4 foods for your skin this summer

woman putting sun screen on at beach

There’s so many great things that come with summer – longer days, more time outdoors and sunny vacays. But the reality is, the hot weather, humidity and extra hours in the sun can take a toll on your skin. And while the most important step in your skincare is to apply your sunscreen every day, adding some skin-loving foods may also help to lessen the seasonal side effects summer can have on your skin.  

1. Dark Chocolate/Cocoa 

Need a reason to eat dark chocolate? How about three? This sweet but bitter treat helps your skin stay hydrated, smooth and less irritated for that sun-kissed glow.1 And it’s all thanks to dark chocolate’s high antioxidant content. Antioxidants help knock out free radicals that can age and damage your skin when they build up in large amounts. So go ahead, toss some cocoa powder into your favorite smoothie or snack on a square of the dark stuff. You and your skin will be better for it!   

2. Tomatoes 

Beyond being delicious, tomatoes are full of vitamins and antioxidants, making it a great choice when it comes to skin health! They’re an excellent source of vitamin C, which aids in the synthesis of collagen – a protein that helps maintain your skin’s strength and elasticity. Prolonged sun exposure can break down collagen and lead to premature wrinkles and fine lines. Another reason tomatoes should be your go to? They’re rich in lycopene – a powerful antioxidant that helps fight those pesky skin damaging free radicals for healthy summer skin.2  

3. Spinach 

Spinach might be a well-known superfood, but it’s also the best kept secret to healthy skin! Spinach is loaded with vitamin A – a vitamin and antioxidant that helps your body regenerate new skin cells, but also keeps your skin barrier strong and skin hydrated. Fending off premature wrinkles and fine lines is as easy as tossing some spinach into your favorite summer salad.1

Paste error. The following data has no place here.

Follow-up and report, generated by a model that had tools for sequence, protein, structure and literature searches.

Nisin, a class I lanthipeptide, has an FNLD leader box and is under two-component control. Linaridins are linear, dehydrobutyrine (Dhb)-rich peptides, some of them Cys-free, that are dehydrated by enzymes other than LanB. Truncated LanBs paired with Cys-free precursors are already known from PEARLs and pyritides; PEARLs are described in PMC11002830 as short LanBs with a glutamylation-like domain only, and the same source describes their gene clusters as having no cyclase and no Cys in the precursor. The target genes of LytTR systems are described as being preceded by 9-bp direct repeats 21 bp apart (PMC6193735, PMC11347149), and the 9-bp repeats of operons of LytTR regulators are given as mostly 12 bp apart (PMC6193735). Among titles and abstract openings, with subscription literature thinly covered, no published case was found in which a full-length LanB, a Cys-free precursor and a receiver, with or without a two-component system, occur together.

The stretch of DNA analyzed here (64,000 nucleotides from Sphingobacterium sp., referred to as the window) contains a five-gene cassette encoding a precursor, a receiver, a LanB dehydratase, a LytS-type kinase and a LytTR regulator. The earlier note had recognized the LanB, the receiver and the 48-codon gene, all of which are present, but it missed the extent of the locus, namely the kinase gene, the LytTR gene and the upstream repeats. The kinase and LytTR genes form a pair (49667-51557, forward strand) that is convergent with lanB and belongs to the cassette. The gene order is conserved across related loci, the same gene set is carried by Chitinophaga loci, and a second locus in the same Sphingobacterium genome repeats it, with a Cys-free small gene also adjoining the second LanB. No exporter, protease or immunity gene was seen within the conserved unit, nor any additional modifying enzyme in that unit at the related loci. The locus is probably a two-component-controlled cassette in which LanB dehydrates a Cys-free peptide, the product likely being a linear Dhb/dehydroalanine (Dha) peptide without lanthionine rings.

4. Avocado 

If you haven’t jumped on the avocado with everything trend, what are you waiting for?  Avocadoes are full of nutrients like essential fatty acids to help your skin lock in moisture.3 And within a single bite of avocado toast, you’ll get skin supporting antioxidants like lutein, zeaxanthin, vitamin C and vitamin E to help ward off sun damage from free radical formation.  Avocado face masks anyone? 

About Holly:  

Holly is a Licensed Registered Dietitian with her Bachelor of Science in Dietetics from Michigan State University and completed her supervised practice program at Cal Poly San Luis Obispo. Holly’s goal is to inspire and empower others that living a healthy life is not only easy and enjoyable but attainable to all!  

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*These statements have not been evaluated by the Food and Drug Administration. This product is not intended to diagnose, treat, cure, or prevent any disease.    
This information is not intended as a substitute for the advice provided by your physician or other healthcare professional, or any information contained on or in any product label or packaging. Do not use the information from this article for diagnosing or treating a health problem or disease, or prescribing medication or other treatment. Always speak with your physician or other healthcare professional before taking any medication or nutritional, herbal, or homeopathic supplement, or using any treatment for a health problem. If you have or suspect that you have a medical problem, contact your health care provider promptly. Do not disregard professional medical advice or delay in seeking professional advice because of something you have read in this article.    


  1. Michalak M, Pierzak M, Kręcisz B, Suliga Bioactive Compounds for Skin Health: A Review. Nutrients. 2021;13(1):203. doi:10.3390/nu13010203 
  2. Bhowmik, Debjit & Kumar, K & Paswan, Shravan & Srivastava, Shweta.  Tomato-A Natural Medicine and Its Health Benefits INTRODUCTION: J. Pharm. Phytophar. 2012. 
  3. Rosenblat G, Meretski S, Segal J et al. Polyhydroxylated fatty alcohols derived from avocado suppress inflammatory response and provide non-sunscreen protection against UV-induced damage in skin cells. Arch Dermatol Res. 2010;303(4):239-246. doi:10.1007/s00403-010-1088-6 

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